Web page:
Longtime friends Brandon Colvin and Jacob Smith saw a gap in understanding between their communities as an opportunity to build a bridge across their cultures. For five years, they’ve collaborated on sold-out dinners that bring Black and Jewish communities together in Detroit, with the goal of promoting one thing: trust.
The pair recently held a cross-cultural Shabbat meal at the Detroit Historical Museum that was catered by a Black chef.
“There’s situations where Jews were not good to Black people, Black people were not good to Jews, but … it makes me proud just as a Black Jew to know that there are people that want to … have a conversation,” said Shane Sperling, who has attended Smith’s and Colvin’s events for years.
Smith is Jewish and from Detroit’s suburbs. Colvin grew up Christian in Montgomery, Alabama. They met more than a decade ago in Detroit’s startup scene and bonded over a love of music and their communities.
“Brandon … started bringing me into spaces, predominantly Black spaces,” Smith said. “There’s kind of a standoffishness that you can sometimes feel as a White person coming into the city, just being honest in my experience. And what Brandon allowed for me was to step into certain spaces … and had just the most incredible experiences.”
Colvin said Smith has been a “gateway and a doorway into Jewish culture.”
“I didn’t realize that I could have this type of brotherhood across another culture until I met Jacob,” Colvin said.
A couple of years into their friendship, the two realized that many members of their respective communities didn’t know each other, so they formed The Coalition Series, which works to unite Black and Jewish people in Detroit through food, art and music. They hold several cross-culture events every year in collaboration with local Black and Jewish organizations.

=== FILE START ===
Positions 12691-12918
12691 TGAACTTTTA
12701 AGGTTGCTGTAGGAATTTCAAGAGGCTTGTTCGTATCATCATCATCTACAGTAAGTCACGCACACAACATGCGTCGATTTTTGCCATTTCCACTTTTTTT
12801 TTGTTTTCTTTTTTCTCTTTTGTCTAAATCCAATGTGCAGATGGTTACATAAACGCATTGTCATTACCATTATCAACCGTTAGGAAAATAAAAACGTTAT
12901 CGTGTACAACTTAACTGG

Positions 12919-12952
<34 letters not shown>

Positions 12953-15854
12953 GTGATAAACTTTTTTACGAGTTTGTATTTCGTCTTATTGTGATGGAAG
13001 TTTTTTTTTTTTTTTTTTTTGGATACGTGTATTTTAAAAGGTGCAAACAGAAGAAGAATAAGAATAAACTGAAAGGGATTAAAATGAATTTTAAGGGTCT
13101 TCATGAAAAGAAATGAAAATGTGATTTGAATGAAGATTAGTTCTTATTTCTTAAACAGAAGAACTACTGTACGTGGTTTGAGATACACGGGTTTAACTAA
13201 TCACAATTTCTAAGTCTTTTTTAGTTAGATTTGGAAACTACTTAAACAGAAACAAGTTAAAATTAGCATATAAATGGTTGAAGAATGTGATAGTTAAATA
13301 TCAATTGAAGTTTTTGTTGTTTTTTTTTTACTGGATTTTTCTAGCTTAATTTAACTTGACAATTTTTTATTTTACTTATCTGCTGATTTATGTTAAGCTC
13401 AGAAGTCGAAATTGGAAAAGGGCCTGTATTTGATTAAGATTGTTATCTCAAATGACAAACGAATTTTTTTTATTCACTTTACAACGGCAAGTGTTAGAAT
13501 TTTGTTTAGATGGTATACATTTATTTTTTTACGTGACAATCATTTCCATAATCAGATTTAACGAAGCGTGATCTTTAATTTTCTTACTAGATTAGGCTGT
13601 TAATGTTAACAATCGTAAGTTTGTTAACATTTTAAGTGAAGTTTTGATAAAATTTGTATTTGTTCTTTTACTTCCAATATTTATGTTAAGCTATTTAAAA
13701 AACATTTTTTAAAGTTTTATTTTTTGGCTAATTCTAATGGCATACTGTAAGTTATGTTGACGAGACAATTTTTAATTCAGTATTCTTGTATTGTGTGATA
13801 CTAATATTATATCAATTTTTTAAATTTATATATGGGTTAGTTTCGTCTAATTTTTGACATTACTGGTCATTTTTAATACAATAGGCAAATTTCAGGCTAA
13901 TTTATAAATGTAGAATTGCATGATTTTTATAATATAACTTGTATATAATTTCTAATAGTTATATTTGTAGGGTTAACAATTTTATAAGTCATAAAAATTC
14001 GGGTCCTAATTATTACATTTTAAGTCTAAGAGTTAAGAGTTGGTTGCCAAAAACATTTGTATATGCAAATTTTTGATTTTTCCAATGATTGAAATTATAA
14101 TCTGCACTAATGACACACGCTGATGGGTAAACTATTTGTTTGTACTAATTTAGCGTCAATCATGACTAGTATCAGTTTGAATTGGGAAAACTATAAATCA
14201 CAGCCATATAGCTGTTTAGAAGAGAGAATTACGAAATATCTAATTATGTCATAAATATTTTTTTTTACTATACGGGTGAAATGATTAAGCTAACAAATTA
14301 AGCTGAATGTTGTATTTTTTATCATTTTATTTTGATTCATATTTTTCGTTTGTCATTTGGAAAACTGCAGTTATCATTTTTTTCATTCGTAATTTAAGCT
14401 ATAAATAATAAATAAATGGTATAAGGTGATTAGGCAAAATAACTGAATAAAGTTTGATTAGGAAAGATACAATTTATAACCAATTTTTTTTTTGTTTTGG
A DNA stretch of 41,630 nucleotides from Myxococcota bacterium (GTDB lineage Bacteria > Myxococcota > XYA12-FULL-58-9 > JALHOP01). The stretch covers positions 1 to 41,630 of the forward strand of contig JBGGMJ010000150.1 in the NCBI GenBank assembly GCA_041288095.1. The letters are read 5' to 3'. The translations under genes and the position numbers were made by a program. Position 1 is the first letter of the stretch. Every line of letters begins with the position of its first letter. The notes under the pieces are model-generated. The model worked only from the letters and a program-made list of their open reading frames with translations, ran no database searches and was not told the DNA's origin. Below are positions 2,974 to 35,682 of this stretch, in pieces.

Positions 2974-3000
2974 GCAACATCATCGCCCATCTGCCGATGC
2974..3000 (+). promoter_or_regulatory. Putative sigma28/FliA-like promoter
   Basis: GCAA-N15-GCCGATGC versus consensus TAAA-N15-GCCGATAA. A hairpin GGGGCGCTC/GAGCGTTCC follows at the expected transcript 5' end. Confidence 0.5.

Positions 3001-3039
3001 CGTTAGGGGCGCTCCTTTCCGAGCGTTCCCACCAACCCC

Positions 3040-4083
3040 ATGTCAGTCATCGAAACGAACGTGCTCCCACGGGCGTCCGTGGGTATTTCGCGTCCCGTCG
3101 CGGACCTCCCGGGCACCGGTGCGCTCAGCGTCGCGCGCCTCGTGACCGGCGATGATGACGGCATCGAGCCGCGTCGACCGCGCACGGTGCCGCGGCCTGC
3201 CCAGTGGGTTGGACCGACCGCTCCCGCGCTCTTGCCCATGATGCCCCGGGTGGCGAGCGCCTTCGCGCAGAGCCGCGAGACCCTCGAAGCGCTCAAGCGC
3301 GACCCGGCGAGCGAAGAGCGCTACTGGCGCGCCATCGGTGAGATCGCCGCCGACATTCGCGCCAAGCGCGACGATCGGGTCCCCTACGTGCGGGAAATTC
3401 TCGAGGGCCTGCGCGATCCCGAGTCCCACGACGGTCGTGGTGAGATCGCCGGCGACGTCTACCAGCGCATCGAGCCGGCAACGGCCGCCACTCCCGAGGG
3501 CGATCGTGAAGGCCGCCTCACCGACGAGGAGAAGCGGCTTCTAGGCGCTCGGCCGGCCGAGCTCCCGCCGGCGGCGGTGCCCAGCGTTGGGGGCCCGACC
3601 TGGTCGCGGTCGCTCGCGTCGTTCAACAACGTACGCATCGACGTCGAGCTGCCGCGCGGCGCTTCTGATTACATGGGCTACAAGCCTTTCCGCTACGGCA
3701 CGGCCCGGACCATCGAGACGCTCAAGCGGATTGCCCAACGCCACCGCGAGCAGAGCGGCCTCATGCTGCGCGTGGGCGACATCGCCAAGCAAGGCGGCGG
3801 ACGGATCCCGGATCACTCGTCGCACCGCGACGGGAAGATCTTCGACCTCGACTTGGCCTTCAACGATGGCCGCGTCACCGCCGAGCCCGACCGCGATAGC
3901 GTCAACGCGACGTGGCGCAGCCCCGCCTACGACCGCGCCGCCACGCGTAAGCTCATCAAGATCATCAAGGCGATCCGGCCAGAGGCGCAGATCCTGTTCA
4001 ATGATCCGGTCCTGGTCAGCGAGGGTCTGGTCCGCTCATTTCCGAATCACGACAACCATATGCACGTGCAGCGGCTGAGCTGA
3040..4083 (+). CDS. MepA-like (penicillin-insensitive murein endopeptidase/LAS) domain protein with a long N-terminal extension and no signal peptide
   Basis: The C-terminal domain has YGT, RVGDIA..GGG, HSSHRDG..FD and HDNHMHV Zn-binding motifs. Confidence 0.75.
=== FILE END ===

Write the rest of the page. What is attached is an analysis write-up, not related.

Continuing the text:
There have been periods of strong alliance between the Black and Jewish communities in the United States, particularly during the civil rights movement in the 1960s. However, there have also been periods of tension and conflict, and their relationship remains complex.
After many Black Americans moved north to Detroit during the Great Migration of the 20th century, discriminatory housing laws led to overcrowding. Many White residents, including White Jews, were able to move to the suburbs – perpetuating a segregation that persists today.
“When we have these divisive comments that get made, I think they’re really missing the space to sort of reach over the aisle, to join hands and sort of be together and on the same page,” Colvin said.
Both Colvin and Smith believe the two groups need to find moments of solidarity within their shared struggles.
Colvin noted that even though their cultures are different in a lot of ways, both communities have a history that involves oppression. But they said getting into an “oppression Olympics sort of conversation” is “counterproductive.”
“I think the real conversation should be: what can these two communities come up with given their shared understanding of what it is like to achieve in spite of?” Colvin said.